Mondays have a bad reputation. According to a LinkedIn survey, 80% of people begin their workweeks with a sense of anxiety. But the day is not the problem — the issue is that most people don’t feel a sense of connection to what they do for a living.
A mere 15% of workers are truly engaged, per Gallup’s research. But why? Part of it comes down to bad management. Unfortunately, we all know people who hate their bosses — and they have their reasons. Many managers lead with a half-empty philosophy; they point out weaknesses, assuming employees will suddenly rise to the occasion if they’re told what they’re doing wrong. But negativity isn’t motivating.
Findings from Gallup show that 70% of the variance in employee engagement scores boils down to management. If managers don’t acknowledge and leverage their employees’ core strengths, they can’t expect those employees to deliver their best work.
Many supervisors also don’t make an effort to unpack the hidden motivations that drive their employees. Instead, they see the employee-manager relationship as transactional or robotic. Is it any wonder, then, that workers are losing passion and energy?
This isn’t to suggest that cases of Monday blues are caused by managers alone. Plenty of employees bring low levels of interest to work and reserve their passion for hobbies, family life, and other outside pursuits. But even those who would like to leave their positions know the grass isn’t necessarily greener on the other side. Finding a new employer takes work and can be fraught with its own frustrations.
The Perils of Ignoring Low Engagement
For those struggling with a lack of motivation at work, it’s important to know that you’re not stuck. There is more. And figuring out what that “more” is for you starts with understanding what you can do instead of what you want to do.
For instance, you might be highly skilled at creating budgets but find pulling together numbers to be mind-numbing work. If that’s the case, you could subconsciously be phoning in your work; perhaps you wait until the last minute or miss a critical deadline. As a result, your manager might assume you’re a bad worker — when you’re really just putting halfhearted effort into work that leaves you unfulfilled.
There are many red flags or limiting behaviors that you would easily see in others but might miss in yourself. Maybe you don’t return emails promptly. Perhaps you’ve started arriving late and leaving early. Or you might not listen when your manager makes suggestions. These could all be indicators you’re not being true to yourself.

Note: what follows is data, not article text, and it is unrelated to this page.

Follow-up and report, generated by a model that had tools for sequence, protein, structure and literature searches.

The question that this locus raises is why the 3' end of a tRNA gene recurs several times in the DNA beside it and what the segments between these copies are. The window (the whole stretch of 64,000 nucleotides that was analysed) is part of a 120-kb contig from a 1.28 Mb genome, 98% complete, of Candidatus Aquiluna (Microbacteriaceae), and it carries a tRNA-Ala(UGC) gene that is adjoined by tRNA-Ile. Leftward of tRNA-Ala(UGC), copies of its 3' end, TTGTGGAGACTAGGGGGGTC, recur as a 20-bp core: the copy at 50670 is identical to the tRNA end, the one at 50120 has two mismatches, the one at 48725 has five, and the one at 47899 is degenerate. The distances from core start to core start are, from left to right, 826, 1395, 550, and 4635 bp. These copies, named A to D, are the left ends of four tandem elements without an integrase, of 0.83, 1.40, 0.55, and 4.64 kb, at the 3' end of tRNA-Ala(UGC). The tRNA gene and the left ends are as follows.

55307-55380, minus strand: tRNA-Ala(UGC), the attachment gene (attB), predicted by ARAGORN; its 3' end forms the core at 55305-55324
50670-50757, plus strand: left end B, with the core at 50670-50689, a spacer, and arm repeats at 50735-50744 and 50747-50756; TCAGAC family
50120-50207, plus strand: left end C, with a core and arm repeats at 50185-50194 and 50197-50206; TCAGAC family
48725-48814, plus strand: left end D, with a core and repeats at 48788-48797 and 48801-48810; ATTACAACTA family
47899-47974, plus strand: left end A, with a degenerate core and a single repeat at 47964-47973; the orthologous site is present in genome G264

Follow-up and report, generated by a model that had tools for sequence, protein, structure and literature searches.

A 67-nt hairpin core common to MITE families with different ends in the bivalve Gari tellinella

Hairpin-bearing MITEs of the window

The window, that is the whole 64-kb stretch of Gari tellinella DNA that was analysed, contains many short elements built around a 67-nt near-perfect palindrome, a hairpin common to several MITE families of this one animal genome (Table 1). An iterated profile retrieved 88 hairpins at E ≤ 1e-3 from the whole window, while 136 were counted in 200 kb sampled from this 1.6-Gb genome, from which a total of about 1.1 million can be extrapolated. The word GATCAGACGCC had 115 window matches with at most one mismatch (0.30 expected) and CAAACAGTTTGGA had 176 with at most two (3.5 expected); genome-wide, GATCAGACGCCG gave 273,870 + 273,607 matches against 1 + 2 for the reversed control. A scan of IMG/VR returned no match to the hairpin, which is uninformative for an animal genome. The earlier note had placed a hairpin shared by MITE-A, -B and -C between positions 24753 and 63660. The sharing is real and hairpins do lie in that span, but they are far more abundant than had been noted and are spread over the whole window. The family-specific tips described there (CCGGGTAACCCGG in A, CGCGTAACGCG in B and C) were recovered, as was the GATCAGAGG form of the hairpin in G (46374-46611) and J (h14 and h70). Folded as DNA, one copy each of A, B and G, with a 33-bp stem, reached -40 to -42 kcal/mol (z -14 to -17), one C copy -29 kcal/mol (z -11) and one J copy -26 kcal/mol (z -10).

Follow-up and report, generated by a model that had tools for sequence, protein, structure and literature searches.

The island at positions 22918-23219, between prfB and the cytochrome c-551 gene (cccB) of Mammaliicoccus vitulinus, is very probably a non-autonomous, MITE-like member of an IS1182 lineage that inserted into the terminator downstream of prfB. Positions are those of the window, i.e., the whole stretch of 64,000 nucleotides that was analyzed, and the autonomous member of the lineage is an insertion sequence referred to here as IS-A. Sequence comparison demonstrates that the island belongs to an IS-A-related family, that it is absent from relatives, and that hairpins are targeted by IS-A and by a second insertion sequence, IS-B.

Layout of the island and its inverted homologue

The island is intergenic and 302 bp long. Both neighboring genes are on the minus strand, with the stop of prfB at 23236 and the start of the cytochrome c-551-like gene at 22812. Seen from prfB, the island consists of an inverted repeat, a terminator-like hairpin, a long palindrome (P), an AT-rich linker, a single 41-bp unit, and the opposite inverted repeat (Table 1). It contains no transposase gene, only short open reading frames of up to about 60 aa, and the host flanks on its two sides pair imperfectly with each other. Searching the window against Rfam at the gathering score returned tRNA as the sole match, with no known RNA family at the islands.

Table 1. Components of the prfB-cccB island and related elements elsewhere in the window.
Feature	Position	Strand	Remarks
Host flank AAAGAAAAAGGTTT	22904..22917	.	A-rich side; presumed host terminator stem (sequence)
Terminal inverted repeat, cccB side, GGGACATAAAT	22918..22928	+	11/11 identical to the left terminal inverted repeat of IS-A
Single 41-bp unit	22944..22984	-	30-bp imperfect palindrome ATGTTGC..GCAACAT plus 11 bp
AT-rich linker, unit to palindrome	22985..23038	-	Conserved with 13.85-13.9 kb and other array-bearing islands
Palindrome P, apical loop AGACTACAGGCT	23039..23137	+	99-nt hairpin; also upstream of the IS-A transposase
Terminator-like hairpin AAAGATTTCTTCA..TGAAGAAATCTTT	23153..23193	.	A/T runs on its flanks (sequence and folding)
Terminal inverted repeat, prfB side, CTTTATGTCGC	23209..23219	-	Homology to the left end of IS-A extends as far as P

Yes, you might have an excellent salary and terrific perks that keep you comfortable. But if you’re reaching the point where Sunday nights give you a pit in your stomach, you need to weigh your happiness against your current circumstances.
Finding Passion for Your Career
Before you worry that you’ll have to pick up and leave your workplace to be happy, know that isn’t necessarily the case. You may be able to stay with your employer and find ways to boost your engagement. If that’s not practical, though, remind yourself that the stress of looking for another position can pale in comparison to staying at a place that no longer fulfills you.
By increasing your motivation and inspiration, you can reduce your anxiety levels, lower your negativity, and begin to regain your confidence. Thankfully, a similar process can help you either become more engaged at your current job or pinpoint a career that will reignite your passion. Get started with these five steps:
1. Declare you’ll find a position you love — and that will love you back.
Language powers our world. If you make a definitive declaration that you are taking control of your career, you are bringing that thought into your conscious mind. From that point, you can rev yourself into action to make progress toward the future of your dreams.
2. Outline your ideal workday.
How would a perfect day look? Be specific, right down to start and stop times — and your ideal teammates. What about your work would excite you? Is your dream job in a casual or more formal setting? How would your day-to-day routine differ from what you do now? The ability to picture your optimal work situation allows you to understand precisely why you would find it satisfying.
3. Beyond money, why do you work?
Most of us have a higher purpose. What’s yours? Review the ideal day that you just outlined. What values would your finished projects embody? You may realize at this step that some aspects of your current job align with your values. That could be a sign that you don’t need to switch employers to defeat disengagement.
4. Be honest about what you’re good at versus what you love doing.
Not everything you do will give you energy. Are there any skills you possess but no longer want to use at work? You could be a brilliant teacher, for instance, but you might want to move into education administration if you’re no longer inspired by teaching others. It’s okay to change. Personal aspirations often evolve over a lifetime and grow as you do.
5. Consider ways to change your current role.
At this point, you have a choice: Stay or leave? Only you can answer that question. Just don’t assume that you have to take bold steps to be happier and more involved with your work. Sometimes, just tweaking your assignments can help you get back on track and feel less overwhelmed when the weekend winds down.
It’s time to start embracing a more engaged working life. With a little introspection, you’ll be able to hit the ground running on Monday mornings and dive into a week of challenges that leave you feeling energized — not empty.